Data-stealing component of 'Stegoloader' hides in PNG images

Stegoloader has been active since 2012, but Dell SecureWorks recently found that the threat uses a clever tactic to hide its malicious code.
Stegoloader has been active since 2012, but Dell SecureWorks recently found that the threat uses a clever tactic to hide its malicious code.

A malware family that has been active since 2012, has recently been uncovered as using Portable Network Graphics (PNG) files to hide its core component, a data stealer, from security researchers and system administrators who might come across the threat.

According to a Monday blog post by Dell SecureWorks Counter Threat Unit (CTU), "Stegoloader” malware, also detected as Win32/Gatak.DR and TSPY GATAK.GTK, “represents an emerging trend in malware: the use of digital steganography to hide malicious code.”

In April 2014, the CTU discovered a downloader, dubbed “Lurk,” using this evasion technique, and at the end of last year a Neverquest malware variant leveraged PNG files as well to stay under the radar, Dell SecureWorks CTU explained. In a slight variation to this tactic, Malwarebytes and French security researcher Xylitol collaborated in February 2014 to release findings on a new variant of Zeus that used steganography by concealing malware code in JPG images.

Dell SecureWorks researchers revealed that, this time around, attackers using Stegoloader appeared to be targeting organizations in the health care, education and manufacturing sectors in the U.S. and abroad.

In a Wednesday interview with SCMagazine.com, Pierre-Marc Bureau, CTU senior security researcher, explained that, since traditional intrusion detection systems (IDS) and intrusion prevention systems (IPS) “are not structured to look for malicious code in image files,” the recent discovery regarding Stegoloader had evaded even researchers aware of the malware family – until four months ago, that is. In addition, the core component of the malware, its information-stealing module, is hidden in a PNG file which is hosted on a legitimate website.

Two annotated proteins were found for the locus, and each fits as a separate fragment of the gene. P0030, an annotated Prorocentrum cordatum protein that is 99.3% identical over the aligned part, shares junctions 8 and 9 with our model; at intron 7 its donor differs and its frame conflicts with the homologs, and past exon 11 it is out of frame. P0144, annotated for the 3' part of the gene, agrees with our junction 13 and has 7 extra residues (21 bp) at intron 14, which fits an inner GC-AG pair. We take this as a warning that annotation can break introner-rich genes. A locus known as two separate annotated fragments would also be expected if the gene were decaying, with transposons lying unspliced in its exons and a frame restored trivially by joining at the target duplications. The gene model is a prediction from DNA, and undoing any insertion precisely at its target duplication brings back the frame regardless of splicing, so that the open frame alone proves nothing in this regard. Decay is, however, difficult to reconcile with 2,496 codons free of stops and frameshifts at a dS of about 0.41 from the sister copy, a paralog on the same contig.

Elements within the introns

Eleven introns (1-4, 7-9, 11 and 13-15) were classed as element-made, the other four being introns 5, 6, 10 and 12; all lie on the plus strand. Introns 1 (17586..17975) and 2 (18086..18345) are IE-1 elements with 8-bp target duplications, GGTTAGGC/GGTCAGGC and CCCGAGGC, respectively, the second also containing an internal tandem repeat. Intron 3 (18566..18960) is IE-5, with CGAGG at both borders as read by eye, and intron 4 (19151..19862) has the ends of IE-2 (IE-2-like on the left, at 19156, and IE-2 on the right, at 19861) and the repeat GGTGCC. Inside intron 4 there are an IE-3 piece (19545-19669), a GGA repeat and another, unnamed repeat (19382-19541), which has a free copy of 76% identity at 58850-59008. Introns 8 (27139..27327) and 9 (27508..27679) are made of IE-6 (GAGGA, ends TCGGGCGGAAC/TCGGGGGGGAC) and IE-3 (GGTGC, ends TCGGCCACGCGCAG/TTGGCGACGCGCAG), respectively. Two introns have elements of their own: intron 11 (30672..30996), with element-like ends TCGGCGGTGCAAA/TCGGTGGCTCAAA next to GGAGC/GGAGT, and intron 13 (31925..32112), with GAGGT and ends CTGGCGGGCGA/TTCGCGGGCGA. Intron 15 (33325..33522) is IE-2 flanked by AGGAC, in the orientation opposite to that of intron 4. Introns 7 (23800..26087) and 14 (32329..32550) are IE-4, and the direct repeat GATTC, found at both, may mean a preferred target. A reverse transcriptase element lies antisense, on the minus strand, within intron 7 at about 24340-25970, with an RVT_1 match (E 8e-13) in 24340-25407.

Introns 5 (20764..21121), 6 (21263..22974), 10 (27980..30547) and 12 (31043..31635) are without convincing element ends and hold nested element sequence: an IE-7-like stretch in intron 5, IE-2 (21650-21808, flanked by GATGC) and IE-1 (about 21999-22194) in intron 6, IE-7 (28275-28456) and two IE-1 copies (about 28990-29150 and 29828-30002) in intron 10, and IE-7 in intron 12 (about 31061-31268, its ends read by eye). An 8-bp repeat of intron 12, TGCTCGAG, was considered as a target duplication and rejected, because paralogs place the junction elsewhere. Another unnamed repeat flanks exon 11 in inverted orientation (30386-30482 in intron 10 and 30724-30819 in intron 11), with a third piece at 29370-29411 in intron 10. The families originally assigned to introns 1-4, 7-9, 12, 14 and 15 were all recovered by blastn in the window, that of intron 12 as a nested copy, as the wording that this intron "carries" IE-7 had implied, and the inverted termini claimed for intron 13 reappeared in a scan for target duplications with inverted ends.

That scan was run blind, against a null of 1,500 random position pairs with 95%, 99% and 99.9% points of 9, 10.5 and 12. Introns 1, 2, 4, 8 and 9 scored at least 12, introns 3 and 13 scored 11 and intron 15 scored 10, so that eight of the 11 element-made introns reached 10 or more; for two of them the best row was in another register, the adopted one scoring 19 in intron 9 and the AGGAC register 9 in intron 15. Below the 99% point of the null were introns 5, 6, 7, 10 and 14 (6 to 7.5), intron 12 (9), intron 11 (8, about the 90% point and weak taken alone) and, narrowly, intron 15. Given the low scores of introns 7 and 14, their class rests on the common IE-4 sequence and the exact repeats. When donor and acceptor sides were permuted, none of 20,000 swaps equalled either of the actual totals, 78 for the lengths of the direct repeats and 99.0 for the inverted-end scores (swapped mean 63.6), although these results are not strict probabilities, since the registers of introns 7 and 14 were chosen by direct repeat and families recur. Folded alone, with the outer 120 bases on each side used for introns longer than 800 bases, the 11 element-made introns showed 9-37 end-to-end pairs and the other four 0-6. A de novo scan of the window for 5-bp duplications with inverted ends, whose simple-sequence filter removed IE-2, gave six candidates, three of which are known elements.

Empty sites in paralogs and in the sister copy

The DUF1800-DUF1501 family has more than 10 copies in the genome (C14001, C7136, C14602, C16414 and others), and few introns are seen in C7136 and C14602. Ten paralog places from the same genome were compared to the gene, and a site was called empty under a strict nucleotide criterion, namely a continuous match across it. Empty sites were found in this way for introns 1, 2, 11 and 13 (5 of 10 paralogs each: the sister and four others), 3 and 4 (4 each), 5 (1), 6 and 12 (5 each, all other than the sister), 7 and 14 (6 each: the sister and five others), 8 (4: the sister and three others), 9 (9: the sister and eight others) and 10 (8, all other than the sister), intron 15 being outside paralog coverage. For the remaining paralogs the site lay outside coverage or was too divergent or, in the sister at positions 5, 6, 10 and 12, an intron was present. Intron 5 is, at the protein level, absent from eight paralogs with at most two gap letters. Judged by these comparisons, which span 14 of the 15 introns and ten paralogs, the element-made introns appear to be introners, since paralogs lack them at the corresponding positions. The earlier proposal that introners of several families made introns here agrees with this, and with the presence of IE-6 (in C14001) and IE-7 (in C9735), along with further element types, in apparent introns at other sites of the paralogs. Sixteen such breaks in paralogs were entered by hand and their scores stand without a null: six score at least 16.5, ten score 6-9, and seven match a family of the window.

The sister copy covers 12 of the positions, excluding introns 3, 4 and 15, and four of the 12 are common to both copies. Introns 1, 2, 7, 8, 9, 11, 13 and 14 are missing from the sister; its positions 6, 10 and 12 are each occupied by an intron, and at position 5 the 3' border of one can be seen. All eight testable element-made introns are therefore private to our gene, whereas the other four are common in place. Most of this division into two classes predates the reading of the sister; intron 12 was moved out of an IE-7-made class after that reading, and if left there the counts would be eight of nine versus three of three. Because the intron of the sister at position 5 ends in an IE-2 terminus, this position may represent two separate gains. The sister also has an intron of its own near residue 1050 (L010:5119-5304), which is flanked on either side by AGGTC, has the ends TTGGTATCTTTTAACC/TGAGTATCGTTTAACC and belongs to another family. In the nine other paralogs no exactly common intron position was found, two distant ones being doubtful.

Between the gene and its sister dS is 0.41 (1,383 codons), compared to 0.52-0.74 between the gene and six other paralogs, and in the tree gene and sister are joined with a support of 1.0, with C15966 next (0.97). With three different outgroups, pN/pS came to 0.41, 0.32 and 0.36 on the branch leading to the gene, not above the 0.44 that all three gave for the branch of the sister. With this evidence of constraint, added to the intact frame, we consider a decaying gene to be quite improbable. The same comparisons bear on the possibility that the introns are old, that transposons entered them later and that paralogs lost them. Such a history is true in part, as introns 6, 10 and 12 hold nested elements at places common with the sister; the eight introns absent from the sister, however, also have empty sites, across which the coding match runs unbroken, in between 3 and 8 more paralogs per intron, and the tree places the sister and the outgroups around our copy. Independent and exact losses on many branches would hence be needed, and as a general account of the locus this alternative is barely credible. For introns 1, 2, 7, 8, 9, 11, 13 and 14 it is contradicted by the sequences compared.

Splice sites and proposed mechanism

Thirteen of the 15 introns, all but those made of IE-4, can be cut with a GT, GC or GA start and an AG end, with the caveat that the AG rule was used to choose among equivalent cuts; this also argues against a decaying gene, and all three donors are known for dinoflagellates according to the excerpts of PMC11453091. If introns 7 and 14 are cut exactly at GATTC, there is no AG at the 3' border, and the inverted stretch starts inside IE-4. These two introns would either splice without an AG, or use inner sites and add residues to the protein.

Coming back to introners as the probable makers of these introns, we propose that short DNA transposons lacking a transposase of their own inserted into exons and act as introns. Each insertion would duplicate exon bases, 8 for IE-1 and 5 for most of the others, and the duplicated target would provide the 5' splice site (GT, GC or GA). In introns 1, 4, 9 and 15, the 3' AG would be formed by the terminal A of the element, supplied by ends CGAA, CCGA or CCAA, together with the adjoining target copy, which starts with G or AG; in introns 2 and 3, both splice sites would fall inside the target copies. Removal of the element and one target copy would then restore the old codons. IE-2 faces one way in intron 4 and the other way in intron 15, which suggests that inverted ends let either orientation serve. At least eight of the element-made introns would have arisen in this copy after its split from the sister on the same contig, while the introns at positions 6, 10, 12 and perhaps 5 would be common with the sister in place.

While CTU researchers don't have access to the malware's command-and-control server, they've observed at least seven organizations that have been impacted by the malware. Over the years, 28 variants of Stegoloader have cropped up, Bureau added.

“There were hundreds of malware samples that were uploaded to VirusTotal over the last few years. Sadly, it's very hard to extrapolate the number of victims from that. This thing has gone through changes around 28 times,” Bureau said.  

Instead of spreading via common avenues, like phishing or exploit kit attacks, Stegoloader was observed being distributed through a software piracy website, where it was bundled with key generation tools, the CTU blog post said. The research team analyzed the malware's several malicious modules, and found ones dedicated to gathering geographic location data, as well as victims' browsing history, passwords, and lists of recently opened documents. Stegoloader also has a IDA-stealing module, meaning it “steals installed instances of the IDA software,” which is commonly used by malware researchers to analyze threats, the blog post explained.

In his interview with SCMagazine.com, Bureau added that threat actors leveraging the malware were selective as to when they engaged its data-stealing capabilities.

“They will decide what to do with the system once it's infected,” Bureau said. Stegoloader is designed to wipe any traces of itself from compromised systems which are not deemed of interest to attackers.

“It is my intuition that they might be selling compromised hosts to others. But they do not appear to be trying to build a big botnet. They are not trying to accumulate thousands upon thousands of infected hosts. I really think they are trying to find interesting networks [or] hosts,” he explained.

Bureau advised organizations to keep their AV up-to-date and to monitor traffic going to known malicious URLs. Patterns in Stegoloader's traffic were also observed by researchers (see Figure 1 in blog post) who analyzed reports sent from a compromised system to the C2 server. In the analysis, Dell SecureWorks also listed SHA1 hashes associated with the malware's malicious modules (see Table 3). 

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